As the high-throughput technologies have been used in many fields, detection of expression level across the whole genome is a useful way to find unusual genomic alteration in OS patients with microarray. Recently, researchers have used this technique to more comprehensively increase knowledge about the cellular and molecular changes in OS [7–13]. Although these studies have shown lists of differently expressed genes (DEGs), there tends to be inconsistencies among studies due to limitations of small sample sizes and varying results obtained by different groups, accomplished by different laboratory protocols, microarray platforms and analysis techniques . Recent studies have shown that the systematic integration of gene expression data from multiple sources, so-called meta-analyses, can increase statistical power for detecting differentially expressed genes while allowing for an assessment of heterogeneity, and may lead to more robust, reproducible and accurate predictions [15, 16]. Similar meta-analysis has never been conducted for OS, and we first perform a meta-analysis of gene expression data sets from various OS studies to overcome the limitations of individual studies, resolve inconsistencies, and reduce the likelihood that random errors are responsible for false-positive or false-negative associations, and lay a foundation for uncovering the pathology of OS and further generating new therapies for OS.
Identification of eligible OS gene expression datasets
Where xi represents raw intensity data for each gene; represents average gene intensity within a single experiment and δ represents standard deviation (SD) of all measured intensities.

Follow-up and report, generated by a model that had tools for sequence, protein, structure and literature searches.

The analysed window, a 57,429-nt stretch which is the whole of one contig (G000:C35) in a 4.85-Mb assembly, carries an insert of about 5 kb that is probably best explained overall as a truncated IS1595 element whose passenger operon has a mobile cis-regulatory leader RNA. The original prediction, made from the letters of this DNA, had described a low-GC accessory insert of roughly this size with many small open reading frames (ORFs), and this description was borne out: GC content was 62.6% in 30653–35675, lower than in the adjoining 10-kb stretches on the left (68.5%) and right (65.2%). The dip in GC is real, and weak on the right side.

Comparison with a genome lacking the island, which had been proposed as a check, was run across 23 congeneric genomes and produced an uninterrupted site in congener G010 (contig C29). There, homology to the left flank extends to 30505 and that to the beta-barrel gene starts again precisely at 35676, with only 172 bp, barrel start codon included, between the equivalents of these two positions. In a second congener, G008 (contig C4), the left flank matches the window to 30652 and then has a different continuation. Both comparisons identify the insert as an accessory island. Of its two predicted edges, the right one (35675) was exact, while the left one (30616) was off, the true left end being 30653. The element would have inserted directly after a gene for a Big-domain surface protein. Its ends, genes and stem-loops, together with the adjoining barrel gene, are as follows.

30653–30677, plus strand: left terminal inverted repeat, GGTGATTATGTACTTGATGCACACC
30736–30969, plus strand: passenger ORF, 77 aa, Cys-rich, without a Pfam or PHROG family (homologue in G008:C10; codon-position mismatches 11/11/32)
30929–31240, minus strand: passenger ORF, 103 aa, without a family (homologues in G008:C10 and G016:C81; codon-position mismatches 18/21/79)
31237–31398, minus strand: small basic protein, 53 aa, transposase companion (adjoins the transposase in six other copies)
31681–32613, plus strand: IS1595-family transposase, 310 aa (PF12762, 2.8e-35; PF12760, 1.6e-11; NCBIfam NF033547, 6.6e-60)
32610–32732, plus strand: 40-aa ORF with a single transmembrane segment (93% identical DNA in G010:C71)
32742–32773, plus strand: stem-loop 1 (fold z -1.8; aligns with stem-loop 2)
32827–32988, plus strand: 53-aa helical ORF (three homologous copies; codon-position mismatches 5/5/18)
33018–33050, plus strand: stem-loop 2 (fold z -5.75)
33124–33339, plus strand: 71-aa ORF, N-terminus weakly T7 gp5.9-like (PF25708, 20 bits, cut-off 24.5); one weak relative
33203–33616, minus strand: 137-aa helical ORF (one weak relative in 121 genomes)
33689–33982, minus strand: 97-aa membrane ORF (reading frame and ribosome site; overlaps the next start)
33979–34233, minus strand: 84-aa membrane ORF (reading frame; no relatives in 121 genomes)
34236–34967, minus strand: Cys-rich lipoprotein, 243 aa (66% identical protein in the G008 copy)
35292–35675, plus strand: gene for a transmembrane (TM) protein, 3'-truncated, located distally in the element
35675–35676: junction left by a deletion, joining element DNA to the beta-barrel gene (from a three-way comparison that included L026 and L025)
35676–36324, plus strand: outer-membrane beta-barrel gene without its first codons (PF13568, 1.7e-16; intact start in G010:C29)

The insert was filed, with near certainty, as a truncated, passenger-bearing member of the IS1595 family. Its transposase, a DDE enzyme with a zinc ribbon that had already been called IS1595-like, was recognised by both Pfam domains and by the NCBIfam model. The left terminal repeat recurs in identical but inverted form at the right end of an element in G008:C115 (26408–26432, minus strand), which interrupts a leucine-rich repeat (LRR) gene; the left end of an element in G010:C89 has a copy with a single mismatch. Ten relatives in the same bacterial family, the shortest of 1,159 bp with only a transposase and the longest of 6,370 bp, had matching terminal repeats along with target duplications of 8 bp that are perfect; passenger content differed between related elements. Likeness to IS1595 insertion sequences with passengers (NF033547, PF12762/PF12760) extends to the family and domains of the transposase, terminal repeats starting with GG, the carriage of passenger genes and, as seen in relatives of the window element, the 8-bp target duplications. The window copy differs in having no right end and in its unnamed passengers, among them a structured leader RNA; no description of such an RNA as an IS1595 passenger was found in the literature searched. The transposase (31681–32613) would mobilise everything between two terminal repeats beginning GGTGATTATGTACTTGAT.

The significance analysis of microarray (SAM) software was then used to identify the DEGs between pathological and control samples. This procedure identifies DEGs by carrying out gene specific t-statistics, with a “relative difference” score for each gene. The D value was defined as the average expression change from different expression states to the standard deviation of measurements for that gene. Genes exhibiting at least two-fold changes corresponding to a false discovery rate (FDR) less than 0.05 were selected as the significantly DEGs .
Functional classification of DEGs
In order to interpret the biological significance of the DEGs, we performed Gene Ontology (GO) enrichment analysis to investigate their functional distribution in OS. The online based software GENECODIS (http://genecodis.cnb.csic.es) was used to perform this analysis . In addition, we also performed the pathway enrichment analysis based on the Kyoto Encyclopedia of Genes and Genomes (KEGG) database.
PPI network construction
The protein-protein interactions (PPIs) research could reveal the functions of proteins at the molecular level and help discover the rules of cellular activities including growth, development, metabolism, differentiation and apoptosis . The identification of protein interact ions in a genome-wide scale is an important step for the interpretation of the cellular control mechanisms . In this analysis, we used Biological General Repository for Interaction Datasets (BioGRID) (http://thebiogrid.org/) to construct PPI network and visualized the distribution characteristics of the top 10 up- and down-regulated DEGs in the network in Cytoscape .